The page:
Turkmenistan became a part of the Soviet Union in 1924 and then
gained independence in 1991 when the large communist empire broke up.
For much of its independence, Turkmenistan remained a closed society. A
one-party state, it was ruled by the Democratic Party of Turkmenistan
and led by the late president Saparmurat Niyazov until his death in
Niyazov maintained an authoritarian state with a cult-like status. The citizens of the country were forced to take spiritual guidance from Niyazov’s book, Ruhnama, a collection of thoughts on the country’s culture and history. The book became the basis for civic school education. Niyazov’s intent was to replace the influence of the Koran, since Turkmenistan is 89 percent Muslim. Turkmenistan’s two main minority groups – Uzbeks and Russians – faced the brunt of the strict censorship, travel restrictions and human rights abuses the authoritarian government promoted.
After Niyazov’s death, his personal dentist and the former health minister, Kurbanguly Berdymukhamedov, was elected as a president in a February 2007 election many believe was rigged. Only candidates from the ruling party could contest, and exiled opposition leaders were banned from participating in the process. Berdymukhamedov plans to continue the policies of the late leader, but he has also indicated some reforms, including unlimited access to the Internet, improved education and higher pensions.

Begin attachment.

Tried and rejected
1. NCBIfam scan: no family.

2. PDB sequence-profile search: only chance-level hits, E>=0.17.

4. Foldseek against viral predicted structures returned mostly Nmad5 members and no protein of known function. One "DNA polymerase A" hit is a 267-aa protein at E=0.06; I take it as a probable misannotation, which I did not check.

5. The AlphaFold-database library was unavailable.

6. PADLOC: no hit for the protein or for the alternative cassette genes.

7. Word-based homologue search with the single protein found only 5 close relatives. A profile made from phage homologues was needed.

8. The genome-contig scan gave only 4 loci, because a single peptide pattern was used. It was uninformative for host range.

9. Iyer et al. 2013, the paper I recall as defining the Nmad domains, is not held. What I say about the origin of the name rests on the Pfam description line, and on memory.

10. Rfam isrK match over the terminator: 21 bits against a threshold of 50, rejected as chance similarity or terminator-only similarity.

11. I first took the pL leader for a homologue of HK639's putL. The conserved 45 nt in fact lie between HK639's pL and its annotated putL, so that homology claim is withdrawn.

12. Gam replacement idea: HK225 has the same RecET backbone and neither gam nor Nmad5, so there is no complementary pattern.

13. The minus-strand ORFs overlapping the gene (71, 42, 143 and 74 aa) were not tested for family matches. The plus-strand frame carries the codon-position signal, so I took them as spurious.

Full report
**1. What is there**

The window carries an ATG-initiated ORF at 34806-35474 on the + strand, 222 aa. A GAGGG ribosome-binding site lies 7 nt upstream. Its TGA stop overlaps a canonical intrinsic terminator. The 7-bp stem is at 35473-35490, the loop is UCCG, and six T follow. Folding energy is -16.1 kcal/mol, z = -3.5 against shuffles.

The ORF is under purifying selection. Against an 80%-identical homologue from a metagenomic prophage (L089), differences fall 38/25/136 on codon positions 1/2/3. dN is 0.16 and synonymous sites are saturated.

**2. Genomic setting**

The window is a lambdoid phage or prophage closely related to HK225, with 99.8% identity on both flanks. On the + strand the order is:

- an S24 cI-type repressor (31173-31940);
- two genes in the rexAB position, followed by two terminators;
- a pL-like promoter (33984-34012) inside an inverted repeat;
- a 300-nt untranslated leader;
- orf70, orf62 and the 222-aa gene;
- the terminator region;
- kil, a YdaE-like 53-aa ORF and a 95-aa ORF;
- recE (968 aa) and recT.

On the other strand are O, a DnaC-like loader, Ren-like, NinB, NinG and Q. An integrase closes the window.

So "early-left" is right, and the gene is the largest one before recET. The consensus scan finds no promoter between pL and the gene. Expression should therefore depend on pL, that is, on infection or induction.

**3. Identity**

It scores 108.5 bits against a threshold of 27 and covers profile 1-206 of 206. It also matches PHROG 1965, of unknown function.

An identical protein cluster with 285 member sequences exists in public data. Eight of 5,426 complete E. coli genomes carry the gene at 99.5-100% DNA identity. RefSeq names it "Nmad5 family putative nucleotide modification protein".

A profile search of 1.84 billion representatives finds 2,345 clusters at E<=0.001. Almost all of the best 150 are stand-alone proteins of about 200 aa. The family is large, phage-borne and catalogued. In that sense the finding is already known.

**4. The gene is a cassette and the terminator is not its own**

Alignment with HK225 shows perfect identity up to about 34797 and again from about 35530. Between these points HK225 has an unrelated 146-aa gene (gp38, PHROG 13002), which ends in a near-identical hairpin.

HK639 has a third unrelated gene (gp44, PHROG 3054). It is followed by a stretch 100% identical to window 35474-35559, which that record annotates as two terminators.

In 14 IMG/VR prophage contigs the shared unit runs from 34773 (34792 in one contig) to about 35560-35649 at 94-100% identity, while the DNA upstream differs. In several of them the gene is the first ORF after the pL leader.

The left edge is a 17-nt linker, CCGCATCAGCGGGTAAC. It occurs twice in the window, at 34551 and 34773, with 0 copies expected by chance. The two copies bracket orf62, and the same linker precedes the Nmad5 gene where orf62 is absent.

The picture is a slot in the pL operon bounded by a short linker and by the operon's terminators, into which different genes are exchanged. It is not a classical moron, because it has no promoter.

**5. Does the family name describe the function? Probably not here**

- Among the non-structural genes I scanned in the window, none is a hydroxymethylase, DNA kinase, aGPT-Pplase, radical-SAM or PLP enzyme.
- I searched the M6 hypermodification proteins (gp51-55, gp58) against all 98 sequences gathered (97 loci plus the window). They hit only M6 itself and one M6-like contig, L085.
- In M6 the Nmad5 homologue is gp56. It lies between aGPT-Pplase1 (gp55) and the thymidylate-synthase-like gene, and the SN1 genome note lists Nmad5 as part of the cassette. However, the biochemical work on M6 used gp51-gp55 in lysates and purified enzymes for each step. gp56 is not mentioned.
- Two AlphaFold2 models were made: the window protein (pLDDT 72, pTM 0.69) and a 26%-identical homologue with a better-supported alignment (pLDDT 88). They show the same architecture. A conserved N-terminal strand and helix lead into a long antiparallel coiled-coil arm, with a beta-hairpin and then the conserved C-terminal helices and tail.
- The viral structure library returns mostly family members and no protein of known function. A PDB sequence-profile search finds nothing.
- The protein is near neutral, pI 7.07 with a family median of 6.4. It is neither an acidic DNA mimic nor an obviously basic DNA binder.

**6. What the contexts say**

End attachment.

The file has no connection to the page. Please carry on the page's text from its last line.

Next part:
2008, Turkmenistan adopted a new constituion that almost doubled the
size of parliament and gave it governing power; eliminated the People's
Council, a legislative body whose members were picked by Niyazov; and
allowed for more political freedom in general.
With no foreign investments, Turkmenistan remains a poor nation. Though home to plentiful oil deposits and the world's fifth largest natural gas reserves, a lack of export routes and disputes with foreign nations have kept Turkmenistan from profitting from its natural resources. Economic crises have resulted in across the board cuts that include the withdrawal of state funding for local hospitals in December 2004, leading to closures. There were severe food shortages, and the poor wheat harvests in 2005 and 2006 led to bread shortages.
Sources: BBC, International Crisis Group, CIA World Factbook.